4. Consequently the finding of the Judge in the matter was an adjudication rightly made at the stage in which it was made and binding on the Court unless duly set aside on appeal or otherwise. The fact that an illegal remand followed cannot of course affect what had already been properly done. It is clear, therefore, that if the finding is to be interfered with by us that must only be for reasons warranting such interference on second appeal. But no such reason having been shown and the decision of the judge being in accordance with the effect of the undisputed documents with reference to which it was sought to be impeached, it seems to me that the same must be upheld.
5. I should also add supposing the order of remand was illegal and that that could possibly have affected the validity of the District Judge's decision as to the contracts relied on by the defendants or that there was no consent in the lower appellate court for the remand, nevertheless having regard to the course adopted on behalf of the plaintiff in the conduct of the case before us as already stated, we must on the principle of equitable estoppel laid down in the cases cited above hold that the plaintiff can no longer rely on the impropriety of the remand and its supposed effect on the finding under consideration and that we should proceed to determine the question on the merits, deliberately submitted for our decision and dispose of the cases with reference to the determination so arrived at. (Cf. Emparte Butters, In re Harrison. 14 Ch. Div. 265)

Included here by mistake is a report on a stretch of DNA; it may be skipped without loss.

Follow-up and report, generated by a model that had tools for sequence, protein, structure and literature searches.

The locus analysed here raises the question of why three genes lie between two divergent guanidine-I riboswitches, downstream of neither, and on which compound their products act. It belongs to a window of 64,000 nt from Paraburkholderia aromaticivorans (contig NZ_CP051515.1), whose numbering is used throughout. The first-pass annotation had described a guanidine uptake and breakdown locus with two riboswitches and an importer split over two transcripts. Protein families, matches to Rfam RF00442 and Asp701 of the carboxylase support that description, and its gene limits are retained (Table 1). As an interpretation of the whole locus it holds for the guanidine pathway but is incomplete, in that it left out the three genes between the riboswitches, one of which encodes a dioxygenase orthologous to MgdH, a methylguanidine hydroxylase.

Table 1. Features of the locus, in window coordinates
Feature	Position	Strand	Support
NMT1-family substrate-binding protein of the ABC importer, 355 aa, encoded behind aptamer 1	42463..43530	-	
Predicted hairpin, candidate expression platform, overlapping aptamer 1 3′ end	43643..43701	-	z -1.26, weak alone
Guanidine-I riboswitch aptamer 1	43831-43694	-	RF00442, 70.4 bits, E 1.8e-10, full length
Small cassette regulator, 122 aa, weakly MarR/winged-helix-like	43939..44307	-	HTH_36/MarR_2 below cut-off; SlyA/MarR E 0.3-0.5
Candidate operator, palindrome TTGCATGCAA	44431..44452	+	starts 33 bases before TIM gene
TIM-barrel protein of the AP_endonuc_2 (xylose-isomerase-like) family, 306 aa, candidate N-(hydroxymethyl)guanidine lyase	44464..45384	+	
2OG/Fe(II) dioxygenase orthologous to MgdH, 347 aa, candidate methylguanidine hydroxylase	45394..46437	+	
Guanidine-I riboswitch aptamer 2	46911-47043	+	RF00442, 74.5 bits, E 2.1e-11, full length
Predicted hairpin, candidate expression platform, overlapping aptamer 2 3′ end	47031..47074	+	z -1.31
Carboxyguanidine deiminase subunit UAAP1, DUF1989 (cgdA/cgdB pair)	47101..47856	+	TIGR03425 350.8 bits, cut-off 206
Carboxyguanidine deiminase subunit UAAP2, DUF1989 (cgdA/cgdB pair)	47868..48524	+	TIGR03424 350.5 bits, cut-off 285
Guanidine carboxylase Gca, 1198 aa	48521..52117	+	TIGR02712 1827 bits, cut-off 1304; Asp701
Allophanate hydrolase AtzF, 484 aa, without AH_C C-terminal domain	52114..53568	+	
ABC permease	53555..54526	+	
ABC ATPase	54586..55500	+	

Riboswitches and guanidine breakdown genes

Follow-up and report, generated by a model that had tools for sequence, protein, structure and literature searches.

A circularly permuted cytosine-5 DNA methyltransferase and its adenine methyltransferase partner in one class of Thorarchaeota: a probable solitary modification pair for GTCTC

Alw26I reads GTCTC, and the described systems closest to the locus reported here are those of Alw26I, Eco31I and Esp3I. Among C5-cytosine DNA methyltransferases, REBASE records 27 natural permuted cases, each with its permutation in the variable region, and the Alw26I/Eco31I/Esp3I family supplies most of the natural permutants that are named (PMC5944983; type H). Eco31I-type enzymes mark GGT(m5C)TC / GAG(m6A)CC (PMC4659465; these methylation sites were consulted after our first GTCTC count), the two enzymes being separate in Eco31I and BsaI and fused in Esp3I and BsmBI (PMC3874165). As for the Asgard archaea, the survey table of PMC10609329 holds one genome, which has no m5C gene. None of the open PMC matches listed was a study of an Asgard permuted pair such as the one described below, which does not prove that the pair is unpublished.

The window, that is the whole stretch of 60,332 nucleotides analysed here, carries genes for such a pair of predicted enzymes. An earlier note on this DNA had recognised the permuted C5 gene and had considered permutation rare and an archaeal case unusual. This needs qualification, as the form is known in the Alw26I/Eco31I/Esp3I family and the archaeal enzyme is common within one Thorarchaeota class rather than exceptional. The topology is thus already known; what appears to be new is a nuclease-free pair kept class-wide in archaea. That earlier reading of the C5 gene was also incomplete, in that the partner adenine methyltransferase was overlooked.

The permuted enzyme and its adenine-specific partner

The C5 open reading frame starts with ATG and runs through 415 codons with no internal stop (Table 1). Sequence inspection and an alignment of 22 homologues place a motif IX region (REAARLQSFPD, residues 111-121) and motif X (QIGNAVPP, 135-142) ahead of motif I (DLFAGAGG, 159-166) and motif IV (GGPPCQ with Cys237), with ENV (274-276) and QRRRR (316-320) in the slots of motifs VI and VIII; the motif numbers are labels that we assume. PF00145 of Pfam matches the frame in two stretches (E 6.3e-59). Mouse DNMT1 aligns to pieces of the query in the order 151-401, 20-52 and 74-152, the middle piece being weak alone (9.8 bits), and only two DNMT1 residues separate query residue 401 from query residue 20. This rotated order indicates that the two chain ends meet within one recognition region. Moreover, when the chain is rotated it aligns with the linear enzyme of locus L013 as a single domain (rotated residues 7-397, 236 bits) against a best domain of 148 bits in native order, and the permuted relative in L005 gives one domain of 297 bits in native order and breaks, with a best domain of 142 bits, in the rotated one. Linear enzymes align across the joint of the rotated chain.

6. I should, therefore, dismiss the appeals with costs in C.M.A. 9 of 1904 and without costs in the other cases.
7. The order of remand by the District Judge is, in my opinion clearly illegal. The Deputy Collector had not disposed of the suit on a preliminary point. On the contrary he had framed six issues and had decided them all. It is alleged that the order was passed by consent. There is nothing on the record to show that such is the case, and even if it were proved that both the appellant and respondent consented to the suit being remanded that would be immaterial. The order of remand being illegal (vide Section 564 Civil Procedure Code) consent of parties would not make it legal. This appeal should in my opinion, be allowed, the order of remand should be set aside, and the District Judge directed to retake the appeal on his file and dispose of it according to law. I, of course, at the present stage give no opinion as to the matters treated of by the District Judge in his Judgment.
8. The costs of this appeal against order should be provided for in the District Judge's final appellate decree.
9. The other cases would follow.
10. Under Section 575 Civil Procedure Code, it is directed that appeals be dismissed with costs in C.M. A. 9 of 1904 and without costs in the other cases.